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A Guide for applying a revised version of the PARIHS framework for implementation

Cheryl B Stetler12*, Laura J Damschroder3, Christian D Helfrich45 and Hildi J Hagedorn67

Author Affiliations

1 Independent Consultant, Amherst, Massachusetts, USA

2 Health Services Department, Boston University School of Public Health, Boston, Massachusetts, USA

3 HSR&D Center for Clinical Management Research and Diabetes QUERI, VA Ann Arbor Healthcare System, Ann Arbor, Michigan, USA

4 Northwest HSR&D Center of Excellence, VA Puget Sound Healthcare System, Seattle, Washington, USA

5 Department of Health Services, University of Washington School of Public Health, Seattle, Washington, USA

6 VA Substance Use Disorders Quality Enhancement Research Initiative, Minneapolis VA Medical Center, Minneapolis, Minnesota, USA

7 Department of Psychiatry, School of Medicine, University of Minnesota, Minneapolis, Minnesota, USA

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Implementation Science 2011, 6:99  doi:10.1186/1748-5908-6-99

Published: 30 August 2011

Abstract

Background

Based on a critical synthesis of literature on use of the Promoting Action on Research Implementation in Health Services (PARIHS) framework, revisions and a companion Guide were developed by a group of researchers independent of the original PARIHS team. The purpose of the Guide is to enhance and optimize efforts of researchers using PARIHS in implementation trials and evaluations.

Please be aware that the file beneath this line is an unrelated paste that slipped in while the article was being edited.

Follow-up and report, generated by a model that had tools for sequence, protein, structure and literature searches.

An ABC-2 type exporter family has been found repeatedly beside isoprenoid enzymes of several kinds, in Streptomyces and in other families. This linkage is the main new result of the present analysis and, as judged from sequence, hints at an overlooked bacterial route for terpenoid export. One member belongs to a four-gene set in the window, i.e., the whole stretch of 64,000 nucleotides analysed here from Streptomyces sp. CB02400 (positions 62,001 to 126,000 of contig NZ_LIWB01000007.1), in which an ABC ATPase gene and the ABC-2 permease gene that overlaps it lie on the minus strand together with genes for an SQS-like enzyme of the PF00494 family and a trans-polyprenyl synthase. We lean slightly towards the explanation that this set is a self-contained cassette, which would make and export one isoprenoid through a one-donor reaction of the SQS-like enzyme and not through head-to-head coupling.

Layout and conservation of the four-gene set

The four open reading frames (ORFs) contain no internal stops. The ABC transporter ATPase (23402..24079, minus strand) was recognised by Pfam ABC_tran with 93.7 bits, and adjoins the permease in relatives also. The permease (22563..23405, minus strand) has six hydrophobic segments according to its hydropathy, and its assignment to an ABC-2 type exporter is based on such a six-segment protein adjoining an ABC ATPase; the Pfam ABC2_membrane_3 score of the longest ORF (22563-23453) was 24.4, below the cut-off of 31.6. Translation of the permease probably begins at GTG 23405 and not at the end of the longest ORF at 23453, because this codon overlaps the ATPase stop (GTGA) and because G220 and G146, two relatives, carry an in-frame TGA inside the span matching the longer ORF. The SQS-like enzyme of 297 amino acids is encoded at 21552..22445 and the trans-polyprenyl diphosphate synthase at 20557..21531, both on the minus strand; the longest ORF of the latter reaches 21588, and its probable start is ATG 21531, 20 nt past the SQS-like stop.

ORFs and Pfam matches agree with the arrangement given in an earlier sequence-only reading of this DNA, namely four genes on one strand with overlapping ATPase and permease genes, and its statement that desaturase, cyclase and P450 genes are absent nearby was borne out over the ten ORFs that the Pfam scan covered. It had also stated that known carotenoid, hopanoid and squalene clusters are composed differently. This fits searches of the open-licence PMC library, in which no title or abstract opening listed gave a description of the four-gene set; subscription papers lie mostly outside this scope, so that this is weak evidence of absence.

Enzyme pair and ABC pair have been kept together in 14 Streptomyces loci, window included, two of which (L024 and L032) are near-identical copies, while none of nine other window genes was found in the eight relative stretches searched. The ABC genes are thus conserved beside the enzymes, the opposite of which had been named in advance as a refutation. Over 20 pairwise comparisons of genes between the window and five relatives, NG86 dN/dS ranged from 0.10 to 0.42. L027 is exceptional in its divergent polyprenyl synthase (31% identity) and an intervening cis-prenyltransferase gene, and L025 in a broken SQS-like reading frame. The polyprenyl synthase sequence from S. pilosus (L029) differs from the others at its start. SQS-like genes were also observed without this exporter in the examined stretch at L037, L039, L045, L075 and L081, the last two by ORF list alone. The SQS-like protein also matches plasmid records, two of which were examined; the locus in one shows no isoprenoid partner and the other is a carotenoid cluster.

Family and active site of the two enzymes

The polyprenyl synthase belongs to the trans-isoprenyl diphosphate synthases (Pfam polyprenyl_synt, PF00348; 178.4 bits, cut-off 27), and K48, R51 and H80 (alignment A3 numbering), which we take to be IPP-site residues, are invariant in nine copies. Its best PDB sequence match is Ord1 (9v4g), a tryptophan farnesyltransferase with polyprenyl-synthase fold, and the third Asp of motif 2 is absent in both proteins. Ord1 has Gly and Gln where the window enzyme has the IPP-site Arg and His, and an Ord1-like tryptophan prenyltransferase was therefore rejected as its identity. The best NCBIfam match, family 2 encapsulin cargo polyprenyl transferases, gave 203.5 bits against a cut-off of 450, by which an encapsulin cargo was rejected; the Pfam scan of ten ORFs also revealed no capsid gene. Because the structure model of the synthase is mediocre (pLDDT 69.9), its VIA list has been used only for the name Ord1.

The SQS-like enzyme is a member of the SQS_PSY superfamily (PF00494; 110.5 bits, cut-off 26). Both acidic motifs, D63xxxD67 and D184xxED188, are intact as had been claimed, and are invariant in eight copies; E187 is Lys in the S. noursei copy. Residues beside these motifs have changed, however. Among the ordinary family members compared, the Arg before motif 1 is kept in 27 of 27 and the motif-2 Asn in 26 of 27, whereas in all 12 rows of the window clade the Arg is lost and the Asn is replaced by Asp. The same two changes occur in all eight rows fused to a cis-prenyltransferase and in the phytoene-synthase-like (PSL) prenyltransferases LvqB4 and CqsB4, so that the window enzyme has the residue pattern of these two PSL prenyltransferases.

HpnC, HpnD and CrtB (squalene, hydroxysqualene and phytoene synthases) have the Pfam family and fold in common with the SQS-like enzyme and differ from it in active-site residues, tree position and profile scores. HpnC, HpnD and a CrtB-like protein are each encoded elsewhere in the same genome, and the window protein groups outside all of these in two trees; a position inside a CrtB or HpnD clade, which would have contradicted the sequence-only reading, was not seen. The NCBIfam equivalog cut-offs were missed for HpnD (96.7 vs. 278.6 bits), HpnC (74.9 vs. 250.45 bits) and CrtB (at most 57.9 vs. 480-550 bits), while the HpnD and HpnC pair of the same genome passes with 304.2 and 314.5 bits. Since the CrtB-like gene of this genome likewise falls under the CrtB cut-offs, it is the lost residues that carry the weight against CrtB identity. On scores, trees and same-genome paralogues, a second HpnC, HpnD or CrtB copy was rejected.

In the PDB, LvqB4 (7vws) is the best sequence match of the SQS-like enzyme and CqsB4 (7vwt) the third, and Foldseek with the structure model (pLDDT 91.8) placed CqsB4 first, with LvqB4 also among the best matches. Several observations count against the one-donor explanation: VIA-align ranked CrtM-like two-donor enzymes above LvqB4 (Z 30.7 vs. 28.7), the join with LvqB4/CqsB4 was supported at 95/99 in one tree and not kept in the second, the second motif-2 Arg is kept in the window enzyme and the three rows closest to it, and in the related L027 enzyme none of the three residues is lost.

Methods

Authors used a planned, structured process to organize and synthesize critiques, discussions, and potential recommendations for refinements of the PARIHS framework arising from a systematic review. Using a templated form, each author independently recorded key components for each reviewed paper; that is, study definitions, perceived strengths/limitations of PARIHS, other observations regarding key issues and recommendations regarding needed refinements. After reaching consensus on these key components, the authors summarized the information and developed the Guide.

Results

A number of revisions, perceived as consistent with the PARIHS framework's general nature and intent, are proposed. The related Guide is composed of a set of reference tools, provided in Additional files. Its core content is built upon the basic elements of PARIHS and current implementation science.

Conclusions

We invite researchers using PARIHS for targeted evidence-based practice (EBP) implementations with a strong task-orientation to use this Guide as a companion and to apply the revised framework prospectively and comprehensively. Researchers also are encouraged to evaluate its use relative to perceived strengths and issues. Such evaluations and critical reflections regarding PARIHS and our Guide could thereby promote the framework's continued evolution.